Dead Syrian Boys

Jen Bradbury
Sep 04 · 5 min read

Dead Syrian Boy

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Like so many others, I wept when I saw the image of the dead Syrian boy on the news the other night. How can you not?

The image is horrific.

But so, too, is the crisis that prompted it – the war in Syria that has resulted in 7.6 internally displaced persons and another nearly 4 million refugees (many of them children) fleeing for fear of their lives.

What's more, this crisis is not new. It began in earnest in the spring of 2011 and has continued virtually nonstop since then.

Unfortunately, it's taken most of us four years – and the arrival of thousands of refugees in Europe – to care. Perhaps more accurately, it's taken most of us four years – and the picture of a dead child – to care. Never mind the fact that there were dead children before. Since they died in Syria or in refugee camps in Lebanon, Jordan, Turkey, or Iraq as opposed to on European shores, their deaths went largely unnoticed.

But here's the thing: The Syrians who are fleeing by the thousands to Europe are just a fraction of the refugees living throughout the world. Worldwide, there are approximately 20 million refugees – all people forced to flee their homeland for fear of persecution or death. Nearly half of them are children under the age of 18.

Long before refugees started flooding into Europe, there was a refugee crisis. Long after the major news outlets stop covering this story, there will still be a refugee crisis.

The good news is you can do something about this crisis.

1. Educate yourself. Learn about what's happening in Syria and other places (like the Congo and Myanmar) that continue to produce large numbers of refugees. If you're unsure where to start, check out the United Nations High Commission for Refugees website. Also consider reading books written by refugees, like Of Beetles and Angels, that tell of their experiences.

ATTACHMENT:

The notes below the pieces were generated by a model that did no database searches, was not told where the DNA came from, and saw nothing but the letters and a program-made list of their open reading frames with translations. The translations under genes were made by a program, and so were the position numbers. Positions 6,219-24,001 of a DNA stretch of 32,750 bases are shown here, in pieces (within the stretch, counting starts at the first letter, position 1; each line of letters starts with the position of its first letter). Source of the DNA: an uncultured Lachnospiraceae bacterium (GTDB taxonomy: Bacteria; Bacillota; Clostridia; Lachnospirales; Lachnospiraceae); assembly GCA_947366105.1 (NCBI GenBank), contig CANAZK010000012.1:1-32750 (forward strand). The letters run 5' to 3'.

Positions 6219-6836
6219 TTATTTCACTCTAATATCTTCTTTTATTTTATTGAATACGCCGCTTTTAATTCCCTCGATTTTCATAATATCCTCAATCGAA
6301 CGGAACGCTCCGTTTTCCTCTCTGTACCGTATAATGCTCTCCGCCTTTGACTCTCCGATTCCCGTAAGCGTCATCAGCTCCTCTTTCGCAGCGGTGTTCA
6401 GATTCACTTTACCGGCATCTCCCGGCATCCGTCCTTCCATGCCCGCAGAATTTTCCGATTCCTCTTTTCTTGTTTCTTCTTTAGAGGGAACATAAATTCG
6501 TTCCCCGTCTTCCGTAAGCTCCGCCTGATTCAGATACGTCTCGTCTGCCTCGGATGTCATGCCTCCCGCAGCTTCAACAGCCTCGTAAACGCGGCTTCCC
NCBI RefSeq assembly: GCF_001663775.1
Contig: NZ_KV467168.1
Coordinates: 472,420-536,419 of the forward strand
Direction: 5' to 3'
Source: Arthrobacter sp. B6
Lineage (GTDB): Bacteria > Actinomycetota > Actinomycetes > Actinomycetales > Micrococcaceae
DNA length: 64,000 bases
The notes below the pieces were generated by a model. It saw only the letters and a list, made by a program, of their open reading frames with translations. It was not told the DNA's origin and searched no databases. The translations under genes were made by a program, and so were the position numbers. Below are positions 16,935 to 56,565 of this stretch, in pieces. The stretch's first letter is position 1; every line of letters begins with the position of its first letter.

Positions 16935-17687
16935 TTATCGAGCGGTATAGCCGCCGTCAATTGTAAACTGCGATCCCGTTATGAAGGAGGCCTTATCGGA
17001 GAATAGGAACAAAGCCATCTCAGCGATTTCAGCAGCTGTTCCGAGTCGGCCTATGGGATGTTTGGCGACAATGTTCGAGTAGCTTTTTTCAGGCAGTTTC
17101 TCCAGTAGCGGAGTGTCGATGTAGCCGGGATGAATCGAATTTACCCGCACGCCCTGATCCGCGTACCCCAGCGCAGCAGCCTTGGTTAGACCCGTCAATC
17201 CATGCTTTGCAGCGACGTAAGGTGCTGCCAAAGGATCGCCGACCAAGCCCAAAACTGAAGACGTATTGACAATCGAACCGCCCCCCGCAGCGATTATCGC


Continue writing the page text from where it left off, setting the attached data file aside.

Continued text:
2. Advocate on behalf of refugees. Prompted by the image of the dead Syrian boy, there has been lots of talk recently about various European countries accepting their “fair share” of refugees. But what's a fair share? There's a crisis happening and people who need safety, shelter, and food. How can the rest of the world stand idly by and watch? Yes, we need to encourage European countries to open their doors and accept the refugees who are quite literally banging on them. But at the same time, we need to reach out to our Congressmen and Senators and advocate that we in America open our doors as well (or at the very least, fulfill the refugee quotas for the year that are already in place.)

3. Give. Give to the agencies (Like UNHCR) who work with refugees throughout the world. Or give more specifically. For example, through International Teams' Impact Rwanda, you can help Congolese refugees go to school.

Refugee Map

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4. Serve refugees in your communities. As you can see from the map above, chances are good that there are probably some refugees near your community. So often, we think that once refugees are resettled, all their problems are over. In reality, however, resettled refugees need a great deal of help navigating life in a foreign land. So befriend refugees. Learn their stories. Welcome refugees when they arrive by supplying them with the basic items needed to begin life in America. Mentor refugees in ongoing relationships to help them learn basic skills like paying bills, telling time, and grocery shopping. Tutor refugees to help them learn English so they can become more employable.

Without a doubt, a dead Syrian boy washing ashore is tragic.

What would be even more tragic, though, would be to continue to allow Syrian boys (or Bhutanese boys, or Burmese boys, or Congolese girls, or Iraqi women) to die.

So stop pitying refugees. Instead, start helping refugees – those who are still searching for safety as well as those who have already been resettled in our communities.